Consider that we have an emitter for this data type:
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type Data = {
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type: "TEXT";
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text: string;
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} | {
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type: "AGE";
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age: number;
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};
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We want to get a Promise<string> that resolves with the next text event.
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import { Subject } from "rxjs";
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import { filter, first, map } from "rxjs/operators";
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const subject = new Subject<Data>();
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const prText = subject
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.pipe(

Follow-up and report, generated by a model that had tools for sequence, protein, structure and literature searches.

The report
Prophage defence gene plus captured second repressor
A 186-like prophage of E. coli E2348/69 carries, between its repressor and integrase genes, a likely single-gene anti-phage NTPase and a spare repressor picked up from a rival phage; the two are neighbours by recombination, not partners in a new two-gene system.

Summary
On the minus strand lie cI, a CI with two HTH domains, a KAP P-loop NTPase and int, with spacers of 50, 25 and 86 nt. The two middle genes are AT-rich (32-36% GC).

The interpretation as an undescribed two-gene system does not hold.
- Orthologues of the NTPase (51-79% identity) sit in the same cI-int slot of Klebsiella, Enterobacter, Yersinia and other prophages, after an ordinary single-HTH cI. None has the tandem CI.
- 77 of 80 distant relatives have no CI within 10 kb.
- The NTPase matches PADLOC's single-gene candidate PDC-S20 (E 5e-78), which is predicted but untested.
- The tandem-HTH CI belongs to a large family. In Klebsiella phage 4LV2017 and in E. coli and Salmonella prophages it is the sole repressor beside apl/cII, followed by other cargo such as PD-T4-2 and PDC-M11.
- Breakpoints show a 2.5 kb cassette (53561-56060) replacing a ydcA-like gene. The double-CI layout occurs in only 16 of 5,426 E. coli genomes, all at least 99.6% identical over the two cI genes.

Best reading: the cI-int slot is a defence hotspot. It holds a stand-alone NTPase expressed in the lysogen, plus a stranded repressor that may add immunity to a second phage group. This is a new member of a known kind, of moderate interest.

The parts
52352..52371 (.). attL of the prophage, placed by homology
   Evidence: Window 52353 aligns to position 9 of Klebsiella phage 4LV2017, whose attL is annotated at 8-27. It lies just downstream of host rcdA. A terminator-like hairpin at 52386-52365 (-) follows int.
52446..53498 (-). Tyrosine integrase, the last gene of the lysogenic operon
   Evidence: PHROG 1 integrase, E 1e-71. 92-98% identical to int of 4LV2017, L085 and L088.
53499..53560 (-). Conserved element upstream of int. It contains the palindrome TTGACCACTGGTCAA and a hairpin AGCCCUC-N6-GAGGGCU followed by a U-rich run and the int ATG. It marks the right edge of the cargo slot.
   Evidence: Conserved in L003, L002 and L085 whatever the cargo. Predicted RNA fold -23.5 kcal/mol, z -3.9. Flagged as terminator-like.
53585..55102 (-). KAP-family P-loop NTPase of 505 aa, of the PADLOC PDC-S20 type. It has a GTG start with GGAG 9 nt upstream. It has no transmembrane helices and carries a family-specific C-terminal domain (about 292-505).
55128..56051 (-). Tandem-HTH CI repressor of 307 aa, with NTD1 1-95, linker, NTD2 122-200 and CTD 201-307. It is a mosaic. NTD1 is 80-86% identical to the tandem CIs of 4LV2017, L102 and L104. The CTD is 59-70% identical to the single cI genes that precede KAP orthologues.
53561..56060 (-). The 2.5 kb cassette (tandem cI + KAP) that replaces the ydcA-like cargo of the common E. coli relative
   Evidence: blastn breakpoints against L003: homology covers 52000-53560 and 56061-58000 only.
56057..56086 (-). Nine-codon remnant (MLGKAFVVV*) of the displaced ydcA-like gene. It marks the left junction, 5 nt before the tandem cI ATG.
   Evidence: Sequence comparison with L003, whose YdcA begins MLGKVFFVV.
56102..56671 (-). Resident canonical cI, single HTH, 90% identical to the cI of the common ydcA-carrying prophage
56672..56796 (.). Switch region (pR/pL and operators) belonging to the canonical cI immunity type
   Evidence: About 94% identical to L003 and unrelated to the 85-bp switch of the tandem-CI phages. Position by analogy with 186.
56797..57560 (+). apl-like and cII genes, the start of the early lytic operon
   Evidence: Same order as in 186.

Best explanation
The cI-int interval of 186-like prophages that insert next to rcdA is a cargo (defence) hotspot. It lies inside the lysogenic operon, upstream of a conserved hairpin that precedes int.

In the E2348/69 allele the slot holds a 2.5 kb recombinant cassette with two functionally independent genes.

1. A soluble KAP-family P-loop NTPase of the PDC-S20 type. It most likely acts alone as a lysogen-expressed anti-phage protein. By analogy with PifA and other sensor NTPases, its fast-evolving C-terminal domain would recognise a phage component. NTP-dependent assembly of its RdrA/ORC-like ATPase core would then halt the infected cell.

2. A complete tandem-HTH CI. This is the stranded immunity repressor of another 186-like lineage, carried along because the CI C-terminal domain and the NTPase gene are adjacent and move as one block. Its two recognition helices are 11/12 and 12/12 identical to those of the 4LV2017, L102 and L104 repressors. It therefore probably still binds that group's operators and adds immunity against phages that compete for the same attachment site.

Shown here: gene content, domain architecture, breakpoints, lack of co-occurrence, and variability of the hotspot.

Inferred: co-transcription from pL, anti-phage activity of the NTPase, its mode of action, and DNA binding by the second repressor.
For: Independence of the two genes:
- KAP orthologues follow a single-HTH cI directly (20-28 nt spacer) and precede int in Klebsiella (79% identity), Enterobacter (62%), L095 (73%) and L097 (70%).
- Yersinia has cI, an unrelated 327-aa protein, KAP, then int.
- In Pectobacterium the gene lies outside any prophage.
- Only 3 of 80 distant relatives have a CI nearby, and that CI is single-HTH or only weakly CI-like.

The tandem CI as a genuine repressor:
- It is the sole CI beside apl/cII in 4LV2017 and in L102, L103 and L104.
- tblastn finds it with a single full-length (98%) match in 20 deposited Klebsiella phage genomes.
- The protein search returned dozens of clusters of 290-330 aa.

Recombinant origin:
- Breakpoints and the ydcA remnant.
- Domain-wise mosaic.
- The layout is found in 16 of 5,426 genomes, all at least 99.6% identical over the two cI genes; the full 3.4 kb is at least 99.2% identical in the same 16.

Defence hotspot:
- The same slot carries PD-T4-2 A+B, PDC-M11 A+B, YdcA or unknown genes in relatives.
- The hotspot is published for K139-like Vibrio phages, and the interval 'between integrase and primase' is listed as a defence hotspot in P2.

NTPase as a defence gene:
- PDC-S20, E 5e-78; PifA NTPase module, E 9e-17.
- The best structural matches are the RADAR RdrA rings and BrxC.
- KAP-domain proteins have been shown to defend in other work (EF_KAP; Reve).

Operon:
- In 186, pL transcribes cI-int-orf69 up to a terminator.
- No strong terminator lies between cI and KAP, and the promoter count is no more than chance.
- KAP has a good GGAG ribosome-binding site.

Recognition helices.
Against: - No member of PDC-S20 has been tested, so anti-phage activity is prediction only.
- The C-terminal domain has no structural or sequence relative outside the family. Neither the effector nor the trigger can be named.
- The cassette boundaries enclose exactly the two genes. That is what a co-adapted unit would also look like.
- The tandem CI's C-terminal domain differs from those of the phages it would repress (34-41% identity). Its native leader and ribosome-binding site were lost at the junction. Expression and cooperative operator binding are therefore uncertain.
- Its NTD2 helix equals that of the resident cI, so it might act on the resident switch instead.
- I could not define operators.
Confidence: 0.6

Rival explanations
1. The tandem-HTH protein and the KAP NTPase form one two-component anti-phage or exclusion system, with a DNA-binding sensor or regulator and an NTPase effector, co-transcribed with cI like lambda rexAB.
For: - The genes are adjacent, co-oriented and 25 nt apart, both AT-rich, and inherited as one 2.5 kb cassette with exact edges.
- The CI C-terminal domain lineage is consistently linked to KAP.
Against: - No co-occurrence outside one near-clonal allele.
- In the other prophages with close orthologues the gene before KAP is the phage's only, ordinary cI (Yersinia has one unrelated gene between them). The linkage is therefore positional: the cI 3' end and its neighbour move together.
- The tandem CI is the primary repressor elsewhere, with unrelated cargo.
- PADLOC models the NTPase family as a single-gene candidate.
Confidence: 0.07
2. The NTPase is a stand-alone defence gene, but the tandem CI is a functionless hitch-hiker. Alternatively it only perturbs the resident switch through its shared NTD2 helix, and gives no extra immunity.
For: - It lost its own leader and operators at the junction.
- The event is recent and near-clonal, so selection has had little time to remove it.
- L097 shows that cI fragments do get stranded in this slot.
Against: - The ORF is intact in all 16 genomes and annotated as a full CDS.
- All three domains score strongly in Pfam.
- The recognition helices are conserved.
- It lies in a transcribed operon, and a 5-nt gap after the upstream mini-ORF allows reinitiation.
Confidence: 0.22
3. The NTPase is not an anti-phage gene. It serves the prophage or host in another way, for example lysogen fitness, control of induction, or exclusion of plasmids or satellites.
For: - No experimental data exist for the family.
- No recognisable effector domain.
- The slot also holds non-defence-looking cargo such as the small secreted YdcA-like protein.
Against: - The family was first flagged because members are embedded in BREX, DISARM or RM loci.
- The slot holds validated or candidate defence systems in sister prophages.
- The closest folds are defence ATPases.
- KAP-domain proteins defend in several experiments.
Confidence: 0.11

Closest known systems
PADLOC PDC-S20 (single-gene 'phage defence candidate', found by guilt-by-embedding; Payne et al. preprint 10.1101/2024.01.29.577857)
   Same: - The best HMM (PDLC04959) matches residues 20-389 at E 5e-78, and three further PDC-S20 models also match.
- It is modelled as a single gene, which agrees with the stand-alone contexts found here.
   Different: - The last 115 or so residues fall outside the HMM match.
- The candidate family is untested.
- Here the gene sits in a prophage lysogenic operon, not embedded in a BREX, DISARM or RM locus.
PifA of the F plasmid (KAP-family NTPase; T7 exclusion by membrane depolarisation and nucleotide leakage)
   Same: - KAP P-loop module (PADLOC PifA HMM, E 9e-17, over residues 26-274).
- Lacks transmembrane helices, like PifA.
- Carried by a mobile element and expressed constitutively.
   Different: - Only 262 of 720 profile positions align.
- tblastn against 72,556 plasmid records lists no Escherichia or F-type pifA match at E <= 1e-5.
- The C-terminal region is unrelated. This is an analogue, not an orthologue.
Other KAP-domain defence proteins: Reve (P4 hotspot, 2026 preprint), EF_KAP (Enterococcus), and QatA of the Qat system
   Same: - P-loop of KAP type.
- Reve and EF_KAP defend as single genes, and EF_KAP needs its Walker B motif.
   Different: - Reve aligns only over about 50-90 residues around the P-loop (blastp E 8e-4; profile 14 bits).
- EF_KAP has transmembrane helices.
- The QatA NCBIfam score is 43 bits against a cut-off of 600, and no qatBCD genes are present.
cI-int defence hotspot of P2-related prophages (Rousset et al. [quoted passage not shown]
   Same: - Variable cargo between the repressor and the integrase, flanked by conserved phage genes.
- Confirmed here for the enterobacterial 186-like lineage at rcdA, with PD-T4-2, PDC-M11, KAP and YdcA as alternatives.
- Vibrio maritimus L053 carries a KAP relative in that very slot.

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filter(
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(data): data is Extract<Data, { type: "TEXT" }> =>
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data.type === "TEXT"
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),
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first(),
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map(data => data.text)
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)
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.toPromise()
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;
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/* ---------------------------------------------------------------- */
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import { Evt } from "evt";
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const evt = new Evt<Data>();
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const prText = evt.waitFor(
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data => data.type !== "TEXT" ?
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null : [data.text]
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);
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Let us consider another example involving state encapsulation. Here we want to accumulate all texts events until "STOP"
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import { Subject } from "rxjs";